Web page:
Turkish Airlines A330’s 7 hour flight to nowhere

An interesting medical emergency went unnoticed in the mainstream media last weekend. Turkish Airlines, on October 13, 2017, had a rather long but unfruitful flight to nowhere.

The airline had TK35 set course to Montreal and had just taken off when a young passenger reported sick, apparently fainted. A medical emergency would have caused the plane to divert, however, since they were very close to Istanbul, the airline decided that it was best to head back to base rather than head further out.

Given this was just the beginning of the flight, fuel was topped off unto the brim on the plane, and hence it was unsuitable to land the plane. Under normal circumstances, a fuel dumping would have been done where the extra fuel would have been released from the plane to make the weight of the plane suitable to land.

However, this plane apparently did not have a fuel-dumping mechanism installed. So, the plane had to now circle around Istanbul for 7 hours to burn the fuel till the plane had come to an adequate landing weight for the plane.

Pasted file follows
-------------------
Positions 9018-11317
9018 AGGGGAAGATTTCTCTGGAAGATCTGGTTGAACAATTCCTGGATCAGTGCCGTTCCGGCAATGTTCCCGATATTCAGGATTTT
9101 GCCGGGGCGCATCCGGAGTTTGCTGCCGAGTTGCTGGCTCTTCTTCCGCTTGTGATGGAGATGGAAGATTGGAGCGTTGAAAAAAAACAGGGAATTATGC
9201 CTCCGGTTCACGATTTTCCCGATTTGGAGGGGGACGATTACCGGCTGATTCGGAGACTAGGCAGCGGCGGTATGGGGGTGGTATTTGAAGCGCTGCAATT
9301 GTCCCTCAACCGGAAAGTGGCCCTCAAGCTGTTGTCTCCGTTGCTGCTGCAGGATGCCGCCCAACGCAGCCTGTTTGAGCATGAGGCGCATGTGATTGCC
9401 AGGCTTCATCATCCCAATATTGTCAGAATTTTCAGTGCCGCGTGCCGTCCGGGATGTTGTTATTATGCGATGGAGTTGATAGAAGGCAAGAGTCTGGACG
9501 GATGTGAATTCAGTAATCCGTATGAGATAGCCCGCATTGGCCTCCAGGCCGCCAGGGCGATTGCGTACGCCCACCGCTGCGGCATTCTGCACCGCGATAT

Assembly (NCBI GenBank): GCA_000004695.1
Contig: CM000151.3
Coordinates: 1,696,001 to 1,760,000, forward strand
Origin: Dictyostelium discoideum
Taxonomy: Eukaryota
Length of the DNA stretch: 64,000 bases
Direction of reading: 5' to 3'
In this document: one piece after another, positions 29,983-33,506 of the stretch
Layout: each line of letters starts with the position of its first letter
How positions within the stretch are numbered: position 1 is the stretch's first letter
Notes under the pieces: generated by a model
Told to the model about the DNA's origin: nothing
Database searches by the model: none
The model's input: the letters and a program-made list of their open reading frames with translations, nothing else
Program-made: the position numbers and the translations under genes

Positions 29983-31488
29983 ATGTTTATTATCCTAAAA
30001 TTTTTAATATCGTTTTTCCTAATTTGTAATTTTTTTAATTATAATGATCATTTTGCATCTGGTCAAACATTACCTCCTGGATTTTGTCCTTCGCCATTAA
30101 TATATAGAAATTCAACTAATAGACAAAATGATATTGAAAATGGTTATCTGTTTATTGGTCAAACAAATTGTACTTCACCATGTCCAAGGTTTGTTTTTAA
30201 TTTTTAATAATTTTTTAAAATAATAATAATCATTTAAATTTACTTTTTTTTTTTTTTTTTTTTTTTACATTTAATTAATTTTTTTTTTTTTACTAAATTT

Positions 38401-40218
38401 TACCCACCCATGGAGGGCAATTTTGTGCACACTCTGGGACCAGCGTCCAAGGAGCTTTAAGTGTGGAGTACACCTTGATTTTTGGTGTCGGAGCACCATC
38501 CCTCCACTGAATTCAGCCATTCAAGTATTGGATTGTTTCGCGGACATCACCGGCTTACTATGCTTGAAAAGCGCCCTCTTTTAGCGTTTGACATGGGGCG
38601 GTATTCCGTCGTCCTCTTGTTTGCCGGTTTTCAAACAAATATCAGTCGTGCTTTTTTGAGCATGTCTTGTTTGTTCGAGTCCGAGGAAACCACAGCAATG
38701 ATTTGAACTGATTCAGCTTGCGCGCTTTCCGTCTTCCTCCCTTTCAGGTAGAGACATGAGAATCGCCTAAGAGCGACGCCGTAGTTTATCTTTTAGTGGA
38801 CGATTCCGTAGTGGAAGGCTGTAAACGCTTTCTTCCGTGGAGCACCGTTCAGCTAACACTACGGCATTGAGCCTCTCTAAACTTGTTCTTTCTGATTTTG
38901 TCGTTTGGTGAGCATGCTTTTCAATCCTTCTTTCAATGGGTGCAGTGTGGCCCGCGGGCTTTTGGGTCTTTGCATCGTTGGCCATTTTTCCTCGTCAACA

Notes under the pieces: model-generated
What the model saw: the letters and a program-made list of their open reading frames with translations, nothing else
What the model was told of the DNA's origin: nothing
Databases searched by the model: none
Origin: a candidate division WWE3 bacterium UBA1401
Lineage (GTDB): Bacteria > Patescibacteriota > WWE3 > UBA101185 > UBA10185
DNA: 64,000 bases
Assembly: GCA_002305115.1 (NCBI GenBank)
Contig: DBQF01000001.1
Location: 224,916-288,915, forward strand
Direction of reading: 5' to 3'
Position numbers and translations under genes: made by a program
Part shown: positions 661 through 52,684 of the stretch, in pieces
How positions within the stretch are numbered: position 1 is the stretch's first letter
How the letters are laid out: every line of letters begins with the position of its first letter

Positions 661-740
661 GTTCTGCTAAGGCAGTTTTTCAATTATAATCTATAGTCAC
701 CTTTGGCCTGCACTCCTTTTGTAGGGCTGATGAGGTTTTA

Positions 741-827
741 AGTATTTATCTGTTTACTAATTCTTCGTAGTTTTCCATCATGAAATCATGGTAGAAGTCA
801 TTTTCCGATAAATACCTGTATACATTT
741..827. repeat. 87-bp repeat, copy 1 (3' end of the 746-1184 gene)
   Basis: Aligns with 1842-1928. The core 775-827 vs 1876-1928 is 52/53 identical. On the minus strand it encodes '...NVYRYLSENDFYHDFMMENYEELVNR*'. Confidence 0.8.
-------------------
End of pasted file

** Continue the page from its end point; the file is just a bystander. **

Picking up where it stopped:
In medical emergency terms, that would be a lot of time to tackle one, however, luckily, the condition of the girl improved after a while, removing the need for a forced landing.

It is interesting to note the sequence of events that happened here. The flight to Montreal would have been about 10 hours or so, and the aircraft had to fly 7 hours before landing. So, why not take it somewhere on the way to Montreal?

The answer to that was very easy. They had the option to come back and then committed to a return. However, when the passenger was better, they must have been low on fuel so they had no option but to return by then.

Of course, from what I hear, they could have landed heavy had it been a life-threatening situation, but that was a call of the commander of the plane and he determined this to be the best course of action.

I really hope Turkish Airlines learns from this and equips all their planes with fuel-dumping capabilities in the future.

What do you make out of this situation, and how’d you have handled it if you were the captain of the plane?


    • It would land heavy and require maintenance checks before being returned to service. Longest runway available would have to be used.

  1. Do airlines have a choice of installing fuel dumping option ??? Doesn’t it come pre-installed with the plane type..

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